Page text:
The USDA report does not separate production costs by commodity. In general terms, “livestock” producers are expected to pay about 1.8 percent more for all inputs in 2013 compared to 2012. Feed prices were slightly below December 2012 levels through the first eight months of 2013, and were projected to decline through the fourth quarter of 2013 due to lower corn and soybean prices.
DBU also reports that the U.S. average milk-feed price ratio is returning to levels not seen in three years. The preliminary November 2013 ratio is 2.25, the highest since October 2010, and first time it’s been above 2.0 in consecutive months since February-March 2011.
At $21.30 per cwt., November’s U.S. average milk price is the highest since November 2012. The corn price, at $4.29 per bushel, is the lowest since September 2010; the alfalfa hay price ($188/ton) is the lowest since June 2011.
Butter gains ground
A headline in the Nov. 25 issue of the Daily Dairy Report (DDR) caught my attention. “Margarine’s Demise Good for Butter.” I recalled how a few years ago, butter was so maligned. The DDR’s Sara Dorland pointed out that, while butter is heavy in saturated fats, it does not have the transfats that the Food and Drug Administration (FDA) is currently looking at.
Transfats have been linked to an increased risk of coronary heart disease due to plaque buildup in the arteries, according to the FDA she said, and is the reason an outright ban is being considered.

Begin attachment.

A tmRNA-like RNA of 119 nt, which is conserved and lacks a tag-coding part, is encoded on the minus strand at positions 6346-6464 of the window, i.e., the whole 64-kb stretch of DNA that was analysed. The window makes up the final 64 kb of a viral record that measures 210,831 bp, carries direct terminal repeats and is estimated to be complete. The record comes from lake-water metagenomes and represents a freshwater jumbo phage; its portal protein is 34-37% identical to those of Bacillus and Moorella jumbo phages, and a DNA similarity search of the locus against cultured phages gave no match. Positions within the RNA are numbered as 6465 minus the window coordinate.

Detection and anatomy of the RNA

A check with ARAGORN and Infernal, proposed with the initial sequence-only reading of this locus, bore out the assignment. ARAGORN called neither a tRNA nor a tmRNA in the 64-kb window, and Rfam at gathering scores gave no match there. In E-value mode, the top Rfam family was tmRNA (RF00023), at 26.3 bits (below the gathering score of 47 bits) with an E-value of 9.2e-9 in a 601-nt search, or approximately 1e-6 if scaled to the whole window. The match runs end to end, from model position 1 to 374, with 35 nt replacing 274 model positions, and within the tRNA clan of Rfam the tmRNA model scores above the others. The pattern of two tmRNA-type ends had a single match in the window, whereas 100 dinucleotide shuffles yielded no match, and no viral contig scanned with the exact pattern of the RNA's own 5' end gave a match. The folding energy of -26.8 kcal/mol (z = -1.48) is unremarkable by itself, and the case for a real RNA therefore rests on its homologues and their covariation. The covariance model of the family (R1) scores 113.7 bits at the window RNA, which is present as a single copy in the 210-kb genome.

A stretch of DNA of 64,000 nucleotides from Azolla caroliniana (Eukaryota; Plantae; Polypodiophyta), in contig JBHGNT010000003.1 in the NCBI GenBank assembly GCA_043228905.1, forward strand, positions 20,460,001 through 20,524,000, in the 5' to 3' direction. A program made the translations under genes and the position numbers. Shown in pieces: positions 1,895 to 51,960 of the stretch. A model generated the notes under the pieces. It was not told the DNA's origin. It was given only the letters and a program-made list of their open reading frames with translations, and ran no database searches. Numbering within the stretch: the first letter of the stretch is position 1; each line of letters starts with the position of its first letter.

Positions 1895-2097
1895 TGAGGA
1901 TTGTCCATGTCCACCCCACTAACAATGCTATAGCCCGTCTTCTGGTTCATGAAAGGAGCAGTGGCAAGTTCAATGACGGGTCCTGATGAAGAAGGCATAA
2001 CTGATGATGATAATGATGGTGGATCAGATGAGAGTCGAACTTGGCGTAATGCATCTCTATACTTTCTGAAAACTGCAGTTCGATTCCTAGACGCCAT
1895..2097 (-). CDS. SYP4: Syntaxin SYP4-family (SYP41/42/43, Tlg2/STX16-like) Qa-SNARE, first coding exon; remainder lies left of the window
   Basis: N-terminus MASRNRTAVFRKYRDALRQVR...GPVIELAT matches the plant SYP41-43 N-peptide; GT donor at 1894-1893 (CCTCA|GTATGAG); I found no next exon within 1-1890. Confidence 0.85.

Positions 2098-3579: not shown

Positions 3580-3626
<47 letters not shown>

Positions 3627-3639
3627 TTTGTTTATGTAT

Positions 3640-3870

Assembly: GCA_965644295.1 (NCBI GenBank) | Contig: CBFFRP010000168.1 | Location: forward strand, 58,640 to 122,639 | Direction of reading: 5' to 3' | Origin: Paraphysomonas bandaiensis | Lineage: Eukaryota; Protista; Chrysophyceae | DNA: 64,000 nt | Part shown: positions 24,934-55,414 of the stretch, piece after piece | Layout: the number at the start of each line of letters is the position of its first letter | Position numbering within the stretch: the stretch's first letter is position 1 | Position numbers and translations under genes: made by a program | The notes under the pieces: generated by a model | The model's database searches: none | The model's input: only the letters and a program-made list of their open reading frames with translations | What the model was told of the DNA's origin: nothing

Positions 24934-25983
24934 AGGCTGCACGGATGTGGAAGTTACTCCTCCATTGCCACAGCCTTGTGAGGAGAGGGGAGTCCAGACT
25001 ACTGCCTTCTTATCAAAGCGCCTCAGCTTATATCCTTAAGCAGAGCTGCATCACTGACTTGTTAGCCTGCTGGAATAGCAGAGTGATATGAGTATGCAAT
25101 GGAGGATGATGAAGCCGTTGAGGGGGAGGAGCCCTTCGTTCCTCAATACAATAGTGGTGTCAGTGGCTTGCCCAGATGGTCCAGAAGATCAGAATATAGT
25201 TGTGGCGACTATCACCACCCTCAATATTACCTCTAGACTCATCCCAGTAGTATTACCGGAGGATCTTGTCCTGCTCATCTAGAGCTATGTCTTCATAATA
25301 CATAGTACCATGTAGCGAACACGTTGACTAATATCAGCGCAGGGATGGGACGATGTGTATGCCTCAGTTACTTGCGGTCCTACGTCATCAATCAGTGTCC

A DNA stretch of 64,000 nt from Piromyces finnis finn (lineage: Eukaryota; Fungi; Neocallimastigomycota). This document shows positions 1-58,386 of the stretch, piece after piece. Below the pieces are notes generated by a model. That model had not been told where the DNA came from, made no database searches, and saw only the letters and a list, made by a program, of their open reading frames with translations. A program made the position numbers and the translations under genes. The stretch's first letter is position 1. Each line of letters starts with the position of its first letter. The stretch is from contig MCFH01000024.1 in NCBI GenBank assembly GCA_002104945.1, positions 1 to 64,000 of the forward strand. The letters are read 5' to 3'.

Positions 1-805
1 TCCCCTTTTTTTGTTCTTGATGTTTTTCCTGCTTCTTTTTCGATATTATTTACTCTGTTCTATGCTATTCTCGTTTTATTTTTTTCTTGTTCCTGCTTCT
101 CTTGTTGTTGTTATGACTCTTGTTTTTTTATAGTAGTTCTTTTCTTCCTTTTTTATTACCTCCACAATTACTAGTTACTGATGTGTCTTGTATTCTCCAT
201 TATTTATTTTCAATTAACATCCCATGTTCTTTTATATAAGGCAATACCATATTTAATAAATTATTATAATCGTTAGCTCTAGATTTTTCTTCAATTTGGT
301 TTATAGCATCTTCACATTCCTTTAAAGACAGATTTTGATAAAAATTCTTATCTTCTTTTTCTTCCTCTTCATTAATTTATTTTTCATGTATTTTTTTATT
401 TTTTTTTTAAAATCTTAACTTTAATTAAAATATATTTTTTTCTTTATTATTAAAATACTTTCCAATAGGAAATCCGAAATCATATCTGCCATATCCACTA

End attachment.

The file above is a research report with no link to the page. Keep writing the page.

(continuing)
One of the largest groups that would be affected by such a ban would be margarine, according to Dorland, which leaves butter, soy butter, and almond butter as alternatives, or vegetable fats if not hydrogenated. “It’s primarily the soy oils that are hydrogenated that raised the transfat concern,” she said.
Consumers, meanwhile, are coming back to butter, she said, and U.S. butter consumption has risen gradually the past decade. Per capita butter consumption reached 5.6 pounds in 2012, up 2.6 percent from 2011 and the highest level since 1975, according to USDA data.
The FDA started to increase consumer awareness of trans fats in processed foods in 2001, according to Dorland, and in 2005, U.S. butter consumption began to rise at a faster pace. The following year, FDA trans-fat labeling requirements were mandated and manufacturers had to disclose the grams of trans-fats contained in a food product on its nutrition label.
People cooking at home prefer the taste of butter as do chefs, according to Dorland, who quickly added that the Food Network has “done a lot for butter.”
The DDR points out that U.S. per capita consumption of margarine in 2000 was 8.2 pounds, nearly double butter consumption at 4.6 pounds, according to USDA’s Agricultural Fact Book. Ten years later, per capita margarine consumption had dropped 56 percent to 3.6 pounds, while butter consumption climbed 10.5 percent to 5 pounds. USDA has not published margarine consumption since 2010 due to the limited number of companies reporting.